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How to spot a property investing scam

It can be hard to tell a genuine property seminar or information session from a scam that could send you broke. Here are 6 red flags to look out for.

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Property scams abound in Australia, as the industry lacks regulation and our cultural fascination with property prices means there's always demand for real estate "education".

Knowledge is power, so we share some of the biggest red flags that could indicate the property seminar you're signing up for might be dodgy, over-priced, providing poor advice, or is a downright scam.

6 signs of a property investing scam

1. The offer expires SOON

Have we got an offer for you!

These types of seminars are always initiated by them – not you. They'll send you an invitation to a "free" seminar teaching you how to build wealth through property.

They'll call you and ask if you want to reduce your tax bill and become a property millionaire, just by turning up to their seminar and hearing their "secret strategies".

Then they'll present an awesome opportunity to get rich – but you have to act now. This opportunity has a deadline and if you don't act now, you'll miss out. Forever!

Picture not describedRed flag: This is a tactic used to put pressure on you to make a decision quickly. When you are making a property investing decision, you're considering spending hundreds of thousands of dollars and getting into massive debt. This is NOT a decision that should be rushed. If anyone that tries to pressure you in a fast decision, you should proceed with caution.

2. They fly you to the property location

The seminar might feature some interesting tips and points about investing in real estate, backed by a few speakers. Then the real sales pitch will begin.

The spruiker will want to set up an appointment with you at your home to talk with you personally about how it all works and to see if you qualify for their deal.

They apply a lot of pressure to get you to sign – some will even fly you interstate to show you the properties they're so certain you'll make money from.

Picture not describedRed flag: It's not a free flight; the cost has been baked into the property's price, along with their hefty commission. The reason they fly you in is to tap into your emotions and build hype, to convince you to make a decision on the spot, rather than taking the time to weigh up all the pros and cons.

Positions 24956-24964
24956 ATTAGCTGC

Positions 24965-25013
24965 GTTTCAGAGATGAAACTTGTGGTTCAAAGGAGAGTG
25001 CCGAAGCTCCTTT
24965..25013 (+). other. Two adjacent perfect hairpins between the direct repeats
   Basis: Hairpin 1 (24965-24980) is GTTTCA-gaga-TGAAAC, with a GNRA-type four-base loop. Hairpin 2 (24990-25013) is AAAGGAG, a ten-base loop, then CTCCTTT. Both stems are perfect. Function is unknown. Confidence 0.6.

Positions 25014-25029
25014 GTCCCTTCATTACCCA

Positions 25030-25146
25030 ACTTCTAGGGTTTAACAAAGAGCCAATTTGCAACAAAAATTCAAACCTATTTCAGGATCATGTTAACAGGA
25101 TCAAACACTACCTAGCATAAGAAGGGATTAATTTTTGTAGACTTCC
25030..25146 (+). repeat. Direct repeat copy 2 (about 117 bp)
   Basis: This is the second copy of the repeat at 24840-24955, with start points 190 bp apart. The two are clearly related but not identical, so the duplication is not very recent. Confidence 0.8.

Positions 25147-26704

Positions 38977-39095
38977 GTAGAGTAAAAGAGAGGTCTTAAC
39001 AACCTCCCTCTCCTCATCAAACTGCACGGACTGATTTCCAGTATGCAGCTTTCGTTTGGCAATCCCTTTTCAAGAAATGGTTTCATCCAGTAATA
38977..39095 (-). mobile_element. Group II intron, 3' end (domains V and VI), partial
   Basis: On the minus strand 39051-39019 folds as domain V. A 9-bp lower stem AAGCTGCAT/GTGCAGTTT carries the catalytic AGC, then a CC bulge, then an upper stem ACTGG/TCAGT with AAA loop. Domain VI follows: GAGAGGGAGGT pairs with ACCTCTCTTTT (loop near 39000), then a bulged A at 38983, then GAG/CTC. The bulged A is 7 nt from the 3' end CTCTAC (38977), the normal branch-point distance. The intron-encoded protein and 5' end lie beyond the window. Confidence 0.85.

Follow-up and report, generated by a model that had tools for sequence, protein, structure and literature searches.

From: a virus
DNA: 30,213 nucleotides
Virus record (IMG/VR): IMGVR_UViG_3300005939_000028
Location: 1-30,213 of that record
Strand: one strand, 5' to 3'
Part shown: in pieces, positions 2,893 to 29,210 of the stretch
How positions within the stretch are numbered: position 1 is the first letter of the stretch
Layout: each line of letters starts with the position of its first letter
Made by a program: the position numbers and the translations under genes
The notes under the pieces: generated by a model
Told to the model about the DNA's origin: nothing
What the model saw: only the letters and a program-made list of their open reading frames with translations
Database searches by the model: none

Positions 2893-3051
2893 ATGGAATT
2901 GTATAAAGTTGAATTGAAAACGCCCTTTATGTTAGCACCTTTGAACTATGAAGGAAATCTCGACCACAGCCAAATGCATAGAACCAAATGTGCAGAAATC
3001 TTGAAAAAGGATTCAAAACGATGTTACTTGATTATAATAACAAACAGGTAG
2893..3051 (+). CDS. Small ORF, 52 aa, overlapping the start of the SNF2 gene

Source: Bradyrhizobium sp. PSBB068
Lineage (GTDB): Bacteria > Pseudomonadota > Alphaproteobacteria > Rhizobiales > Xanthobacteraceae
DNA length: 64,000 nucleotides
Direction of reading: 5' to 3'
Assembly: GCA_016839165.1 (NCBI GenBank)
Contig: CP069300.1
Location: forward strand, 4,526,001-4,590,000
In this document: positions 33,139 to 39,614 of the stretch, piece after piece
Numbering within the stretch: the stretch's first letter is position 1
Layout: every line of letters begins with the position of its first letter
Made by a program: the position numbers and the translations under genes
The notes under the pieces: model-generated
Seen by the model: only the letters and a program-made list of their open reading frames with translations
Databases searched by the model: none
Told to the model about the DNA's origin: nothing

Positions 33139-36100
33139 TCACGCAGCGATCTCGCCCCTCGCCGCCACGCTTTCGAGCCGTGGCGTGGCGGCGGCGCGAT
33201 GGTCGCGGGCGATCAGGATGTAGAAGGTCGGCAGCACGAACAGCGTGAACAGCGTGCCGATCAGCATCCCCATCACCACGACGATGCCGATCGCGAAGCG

3. They only want to sell you 'new' property

Constructing a new home for investment purposes isn't a bad thing, but when you're being sold an overpriced property that costs you far more than what other similar, established homes in that area are worth, you could be in trouble.

You'll be told that you can save on stamp duty, which is true. You'll also be told that building a new home gets you some better tax advantages, which is also true. But a new property has a number of massive costs built into it, including stamp duty, marketing costs, and again, their big commission.

Picture not describedRed flag: If the only property they want to sell you is a specific, new property in one particular development, you can guarantee they're being paid a big fat commission, which is factored into the purchase price. This can be worth tens of thousands of dollars. Ask how much commission they're being paid and whether they own any properties in the project themselves to see if they have genuine intentions.

4. They share 'exclusive' up-and-coming investment suburbs

Quality research is good. "Exclusive" research that only they have? This is a red flag, because if a particular area has good fundamentals for growth, other people are going to know about it.

You may be offered investment opportunities in different states to the one in which you live – this is because you're less likely to know much about the area, so they can mislead you into believing it's a growth suburb. In reality? The majority of these types of "deals" encourage you to construct new homes in outlying suburbs or low socio-economic areas, where demand is low and supply is high.

Picture not describedRed flag: You can nix this red flag pretty fast with your own research. See if what they're telling stacks up when you look for other sources to back up their claims.

5. They discourage you from doing your own research

Experienced investors understand that it's very possible to build wealth by seeking good quality properties that are priced well and that represent good value for their own investment strategies. However, these property spruikers will make it very clear that they have already done all your homework for you.

They will tell you they've struck a deal with a developer so they can get better prices through bulk buying (the opposite may be true, and the price is actually higher due to their big commission). They'll even tell you that there's no way you could possibly go out and get it right if you do it all on your own. You need them, or you'll fail!

Picture not describedRed flag: You can nix this red flag pretty fast with your own research. As well as looking up reputable sources like the ABS and CoreLogic, check with your own sources (like local property managers who have nothing to do with the property project or sale) to make sure the area is genuinely in demand with local tenants.

6. They offer a one-stop-shop where it's all managed for you

The sales sharks pushing these deals will be keen to take control of the entire transaction.

They'll control the conveyancer working on your transfer documents, the mortgage broker arranging your finance, the builder you have to build the property through, and the rental agent handling your tenants.